$500 fine resolves campaign complaint

Builders group unknowingly violated law with Web link

By Jeffrey Pieters

A Fair Campaign Practices Act violation complaint filed on behalf of Rochester City Council President John Hunziker has been resolved in Hunziker's favor. Now, all of the parties involved say they are eager to put the matter behind them.

"I think it's time to put it to bed," Hunziker said.


A three-judge panel reviewing a claim that the Rochester Area Builders organization illegally posted a link to the campaign Web site of Hunziker's challenger, Dennis Hanson, sided with Hunziker.

But, owing to concurrent findings that the builders group did not knowingly violate the law, the judges imposed only a $500 fine upon the builders organization, intended to recoup some of the administrative costs of the legal proceeding. The maximum administrative fine for the offense is $5,000, and, if pursued criminally, a $40,000 fine would have been possible.

Tom Lemke, a member of Hunziker's committee, represented the campaign at a judicial panel hearing Monday in Minneapolis.

He said the builders organization posted an advertisement for Hanson's campaign, and a link to Hanson's Web site,, from July 26 to Oct. 1, when the builders removed the ad and link after learning of the complaint.

The builders' Web site referred 1,161 visitors to Hanson's site, or fewer than 2 percent of its visitors over that period.

It's impossible to know whether, or how much, Hanson benefited from that exposure, Lemke said. His hope in filing the complaint was to bring at least an equal amount of exposure to Hunziker. Hunziker does not have a campaign Web site.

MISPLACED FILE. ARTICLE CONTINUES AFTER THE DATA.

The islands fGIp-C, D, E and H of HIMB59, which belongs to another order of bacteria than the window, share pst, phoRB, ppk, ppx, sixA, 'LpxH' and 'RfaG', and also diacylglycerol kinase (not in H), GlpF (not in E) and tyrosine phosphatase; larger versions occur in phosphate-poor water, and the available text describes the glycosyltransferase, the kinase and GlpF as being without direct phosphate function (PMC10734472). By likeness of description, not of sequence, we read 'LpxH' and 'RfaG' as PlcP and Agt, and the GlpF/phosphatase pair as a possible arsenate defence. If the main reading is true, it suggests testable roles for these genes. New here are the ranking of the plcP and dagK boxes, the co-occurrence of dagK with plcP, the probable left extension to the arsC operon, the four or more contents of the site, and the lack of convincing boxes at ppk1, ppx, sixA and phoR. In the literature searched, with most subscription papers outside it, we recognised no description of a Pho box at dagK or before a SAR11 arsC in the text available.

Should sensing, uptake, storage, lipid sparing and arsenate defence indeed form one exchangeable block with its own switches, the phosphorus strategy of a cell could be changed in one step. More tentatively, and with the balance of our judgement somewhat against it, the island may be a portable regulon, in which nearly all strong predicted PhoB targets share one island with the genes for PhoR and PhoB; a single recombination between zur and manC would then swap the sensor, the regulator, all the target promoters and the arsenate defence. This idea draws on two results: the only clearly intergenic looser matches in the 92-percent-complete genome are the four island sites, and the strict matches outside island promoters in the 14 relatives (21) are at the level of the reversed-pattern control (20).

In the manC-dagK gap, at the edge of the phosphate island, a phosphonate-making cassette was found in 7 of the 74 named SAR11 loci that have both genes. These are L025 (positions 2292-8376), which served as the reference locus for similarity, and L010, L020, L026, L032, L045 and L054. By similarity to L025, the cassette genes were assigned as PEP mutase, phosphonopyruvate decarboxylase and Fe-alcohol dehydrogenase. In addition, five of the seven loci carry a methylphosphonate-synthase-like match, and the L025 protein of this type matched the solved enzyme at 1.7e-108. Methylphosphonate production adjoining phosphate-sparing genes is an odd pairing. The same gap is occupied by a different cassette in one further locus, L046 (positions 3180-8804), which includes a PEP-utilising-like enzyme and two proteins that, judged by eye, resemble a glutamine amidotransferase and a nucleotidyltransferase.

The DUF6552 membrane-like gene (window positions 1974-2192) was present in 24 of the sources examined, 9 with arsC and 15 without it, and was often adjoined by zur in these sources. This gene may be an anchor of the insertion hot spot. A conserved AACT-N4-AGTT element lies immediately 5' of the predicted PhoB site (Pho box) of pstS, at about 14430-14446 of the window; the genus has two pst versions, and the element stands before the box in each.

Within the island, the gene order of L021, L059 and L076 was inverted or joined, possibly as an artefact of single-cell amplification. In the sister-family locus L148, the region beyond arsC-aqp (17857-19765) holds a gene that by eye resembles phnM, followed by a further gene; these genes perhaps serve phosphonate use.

It's also hard to tell whether Hunziker benefited from media coverage of his complaint, Lemke said.

"Since we don't have polling information, it's hard to tell," Lemke said. "I think it has benefited John slightly."


Jon Cravath, president of the Rochester Area Builders, said he was disappointed the two sides were unable to come to a private resolution and resorted to settling their differences before judges.

A settlement offer from Hunziker's campaign asked the builders to participate in a "scripted news conference," something that was unacceptable to his group, Cravath said.

"All along, it (the complaint) was just a publicity ploy," Cravath said. Now, "hopefully they can focus on some of the issues rather than some of the imaginary harms done."

Hanson, who denied knowledge of the illegal link to his site, said he, too, is eager to put the dispute behind him.

"Hopefully it's over and done with and we can move on," he said.

Certain nonprofits are prohibited, under state law, from providing material support -- money, property or services -- to political candidates.

Some nonprofits are exempted from that limitation. Those include nonprofits that do not operate for a business purpose, that do not have shareholders or others who claim organizational assets or earnings, and nonprofits that were not established by businesses or labor unions, and which do not accept "significant" contributions from businesses or labor unions.

The builders' attorney, Peter Coyle, sought protection under the exemption clause, but the judges rejected that defense.


The order noted that violating the state's ban on corporate political contributions is "one of the more potentially serious violations" of campaign law.

But it noted that the builders' infraction did not seem to be willful, the organization corrected its mistake immediately, there was no history of past violations, and the organization did not gain economically from its violation.

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